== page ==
Turing Machine (TM): One Tape, multitape, The notions of time and space complexity in terms of T.M. Construction of simple problems.


Text Books:


  1. J.E. Hopcroft, R. Motwani and J.D. Ullamn, “Introduction to Automata Theory, Languages and Computation”, Pearson Education Asia, 2nd Edition.


Reference Books :
1 Daniel I.A. Cohen, "Introduction to Computer Theory", Wiley, Second edition.

  1. B. M. Moret, “The Theory of Computation”, Pearson Education Asia.

  2. H.R. Lewis and C.H. Papa dimitriou, “Elements of the theory of Computation”, Pearson Education Asia 2nd Edition.


L T P C

4 1 0 5
MS-223 : Linux Administration
Maximum Marks: 80 Maximum Time: 3 Hrs.

Minimum Pass Marks: 35% Lectures to be delivered: 40-45
A) Instructions for paper-setter

The question paper will consist of five sections A, B, C, D and E. Sections A, B, C and D will have two questions from the respective sections of the syllabus and will carry 20% marks each. Section E will have 5-10 short answer type questions which will cover the entire syllabus uniformly and will carry 20% marks in all.


B) Instructions for candidates

1. Candidates are required to attempt one question each from sections A, B, C and D of the question paper and the entire section E.


2. Use of scientific calculator is allowed.
SECTION A
Introduction: Overview of Linux, Linux's History, Advantages of Linux, Minimum System Requirements; Installing Linux: Choosing Text or Graphics Installation, Setting up your Hard Drive, Understanding the Swap Space, Creating the Linux File-system partition, Setting up the mouse, root password and Ethernet, Configuration X, Selecting packages to Install, Creating the Boot Disk. Using LILO boot manager: Installing LILO, LILO make-file, Updating LILO, Removing or Disabling LILO, Troubleshooting LILO. The Boot Process, Startup Scripts, Shutdown, Halt and reboot, Creating a New Login, Virtual Terminals, Running as root.
SECTION B
Basic Linux Commands : How Linux Commands Work, Command Options & Parameters, Input and Output Redirection, Mian pages, Wildcards : * and ?, Environment Variables, The process status Commands : ps, termination command : kill, the su command, the grep command.

Linux File System : Common types of files, filenames, Inodes, The root directory, How directories are named, Navigating the Linux file System : pwd command, Absolute and relative filenames; cd command, Creating and Deleting files : Cat, Creating Directories, Moving and Copying files, Moving Directories, Removing files and directories, Important directories in the Linux file System : / , /home, /bin, /usr, /usr/bin, /var/spool, /dev, /sbin, /etc.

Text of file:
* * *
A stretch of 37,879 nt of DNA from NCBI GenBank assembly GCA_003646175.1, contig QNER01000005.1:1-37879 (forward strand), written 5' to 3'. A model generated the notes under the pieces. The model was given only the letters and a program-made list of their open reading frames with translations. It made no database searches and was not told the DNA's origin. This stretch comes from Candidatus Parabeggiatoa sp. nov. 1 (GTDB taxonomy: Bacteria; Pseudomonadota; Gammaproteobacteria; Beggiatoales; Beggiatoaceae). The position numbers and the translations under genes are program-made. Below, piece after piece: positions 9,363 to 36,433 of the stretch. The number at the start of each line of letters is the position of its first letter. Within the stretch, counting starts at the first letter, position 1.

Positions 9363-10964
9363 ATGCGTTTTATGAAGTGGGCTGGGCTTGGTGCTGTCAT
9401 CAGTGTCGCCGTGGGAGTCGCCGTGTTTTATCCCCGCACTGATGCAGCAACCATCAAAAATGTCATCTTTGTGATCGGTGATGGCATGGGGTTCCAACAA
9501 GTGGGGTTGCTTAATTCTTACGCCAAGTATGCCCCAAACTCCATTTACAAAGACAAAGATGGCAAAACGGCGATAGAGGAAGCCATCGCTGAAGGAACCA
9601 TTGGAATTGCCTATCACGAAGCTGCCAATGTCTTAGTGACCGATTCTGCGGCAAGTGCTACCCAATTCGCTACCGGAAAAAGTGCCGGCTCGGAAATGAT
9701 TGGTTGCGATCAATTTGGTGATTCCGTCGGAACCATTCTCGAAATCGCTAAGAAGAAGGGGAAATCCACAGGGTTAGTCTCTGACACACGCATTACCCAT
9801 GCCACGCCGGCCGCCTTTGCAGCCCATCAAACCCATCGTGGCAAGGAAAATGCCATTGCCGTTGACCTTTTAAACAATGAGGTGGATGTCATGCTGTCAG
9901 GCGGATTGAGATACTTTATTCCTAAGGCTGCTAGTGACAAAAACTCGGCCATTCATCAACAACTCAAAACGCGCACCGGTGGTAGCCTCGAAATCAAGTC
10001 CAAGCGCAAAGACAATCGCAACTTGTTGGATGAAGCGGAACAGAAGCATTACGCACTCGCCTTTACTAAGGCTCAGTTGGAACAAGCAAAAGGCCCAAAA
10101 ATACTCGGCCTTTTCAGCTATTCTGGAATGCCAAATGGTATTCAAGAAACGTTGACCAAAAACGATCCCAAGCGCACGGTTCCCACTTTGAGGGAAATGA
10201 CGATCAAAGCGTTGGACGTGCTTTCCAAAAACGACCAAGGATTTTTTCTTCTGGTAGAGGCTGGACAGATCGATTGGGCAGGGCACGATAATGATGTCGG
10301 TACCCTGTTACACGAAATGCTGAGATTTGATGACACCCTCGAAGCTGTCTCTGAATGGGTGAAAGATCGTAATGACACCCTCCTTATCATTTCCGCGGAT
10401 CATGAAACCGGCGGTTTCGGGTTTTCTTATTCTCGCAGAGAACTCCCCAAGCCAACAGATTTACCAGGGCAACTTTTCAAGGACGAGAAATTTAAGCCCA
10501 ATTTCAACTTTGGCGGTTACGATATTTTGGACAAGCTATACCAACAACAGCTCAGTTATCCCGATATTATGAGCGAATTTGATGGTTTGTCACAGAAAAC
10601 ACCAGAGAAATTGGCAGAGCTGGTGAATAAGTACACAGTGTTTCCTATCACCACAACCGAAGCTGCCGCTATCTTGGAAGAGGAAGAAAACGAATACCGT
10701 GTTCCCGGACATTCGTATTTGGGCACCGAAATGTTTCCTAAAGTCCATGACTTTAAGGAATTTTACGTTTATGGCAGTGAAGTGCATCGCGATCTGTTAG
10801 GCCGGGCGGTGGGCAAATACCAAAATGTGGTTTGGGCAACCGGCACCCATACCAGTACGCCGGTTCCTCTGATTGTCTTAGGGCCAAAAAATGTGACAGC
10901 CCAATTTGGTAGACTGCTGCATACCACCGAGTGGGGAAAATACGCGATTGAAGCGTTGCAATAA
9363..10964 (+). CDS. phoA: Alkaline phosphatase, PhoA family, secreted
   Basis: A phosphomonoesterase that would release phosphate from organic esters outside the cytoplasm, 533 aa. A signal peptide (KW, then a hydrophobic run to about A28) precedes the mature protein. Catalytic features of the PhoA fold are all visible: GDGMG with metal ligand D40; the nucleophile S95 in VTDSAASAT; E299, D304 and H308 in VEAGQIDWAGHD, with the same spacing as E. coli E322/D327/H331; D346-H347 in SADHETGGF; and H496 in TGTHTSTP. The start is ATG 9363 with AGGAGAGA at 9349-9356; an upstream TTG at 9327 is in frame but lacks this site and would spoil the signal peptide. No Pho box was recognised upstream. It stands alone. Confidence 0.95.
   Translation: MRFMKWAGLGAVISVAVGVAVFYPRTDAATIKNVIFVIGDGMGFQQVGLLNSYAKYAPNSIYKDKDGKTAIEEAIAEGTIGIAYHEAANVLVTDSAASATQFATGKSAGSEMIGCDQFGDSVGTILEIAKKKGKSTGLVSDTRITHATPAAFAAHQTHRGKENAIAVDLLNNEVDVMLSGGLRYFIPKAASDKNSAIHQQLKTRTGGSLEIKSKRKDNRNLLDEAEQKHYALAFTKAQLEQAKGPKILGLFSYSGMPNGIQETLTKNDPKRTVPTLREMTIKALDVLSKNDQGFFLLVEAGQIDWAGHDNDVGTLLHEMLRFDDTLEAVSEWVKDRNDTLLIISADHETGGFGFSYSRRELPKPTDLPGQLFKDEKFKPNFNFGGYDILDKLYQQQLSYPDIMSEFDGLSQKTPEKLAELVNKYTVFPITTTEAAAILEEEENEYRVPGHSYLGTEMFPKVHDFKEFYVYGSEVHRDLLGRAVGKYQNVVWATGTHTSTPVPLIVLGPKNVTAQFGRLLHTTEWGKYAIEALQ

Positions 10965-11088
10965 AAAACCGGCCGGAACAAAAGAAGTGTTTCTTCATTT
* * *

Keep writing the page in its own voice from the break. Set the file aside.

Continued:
File and Directory ownership, Groups, Changing group ownership, File Permissions, UMASK Setting, Changing File Permission, Changing directory permissions; Bash : What is Shell ? How the Shell gets Started, The most common Shells;


SECTION C
Shell Scripting: Creating and Executing Shell Programs, Using variables : Assigning a value to a variable, Accessing the value of a variable, Positional Parameters and other Built-In Shell Variables; Special Characters, Conditional Statements : if Statement , case Statement; Iteration Statements : for Statement, while Statement, until Statement, shift Command, select Statement, repeat Statement, Functions.

Editing and Typesetting : Text Editors vi, The vi Editor, Starting vi, vi modes, Inserting Text, Quitting vi, Moving the Cursor, Deleting Text, Copying and Moving Text, Searching and Replacing Text, Setting Preferences.
Configuring the X Window: Xfree86 Software Distribution, Choosing an X Server, Installing Xfree86 Manually, Installing Xfree86 using a Script, Path Environment Variable; Configuring Xfree86; The xconfig and XF86Config Files in Detail: Pathnames, Keyboard Setting, Mouse Definition, Monitor Model, Video Cards, The Xfree86 Server, Testing Xfree86 Configurations, The .xinitrc File.
SECTION D
Linux for System Administrators: System Administration Basics, The root Account, Starting and Stopping the System, Booting from a Floppy, Using LILO to Boot, Shutting Down Linux; Mounting File Systems : Mounting a Floppy, CD-ROM, Creating a New file System, Un-mounting file Systems, Backup and restore: Compressing files with gzip, Using tar and cpio; Setting up your System : Setting the System Name, Using a Maintenance Disk, Forgetting the root Password, Setting the Login Message.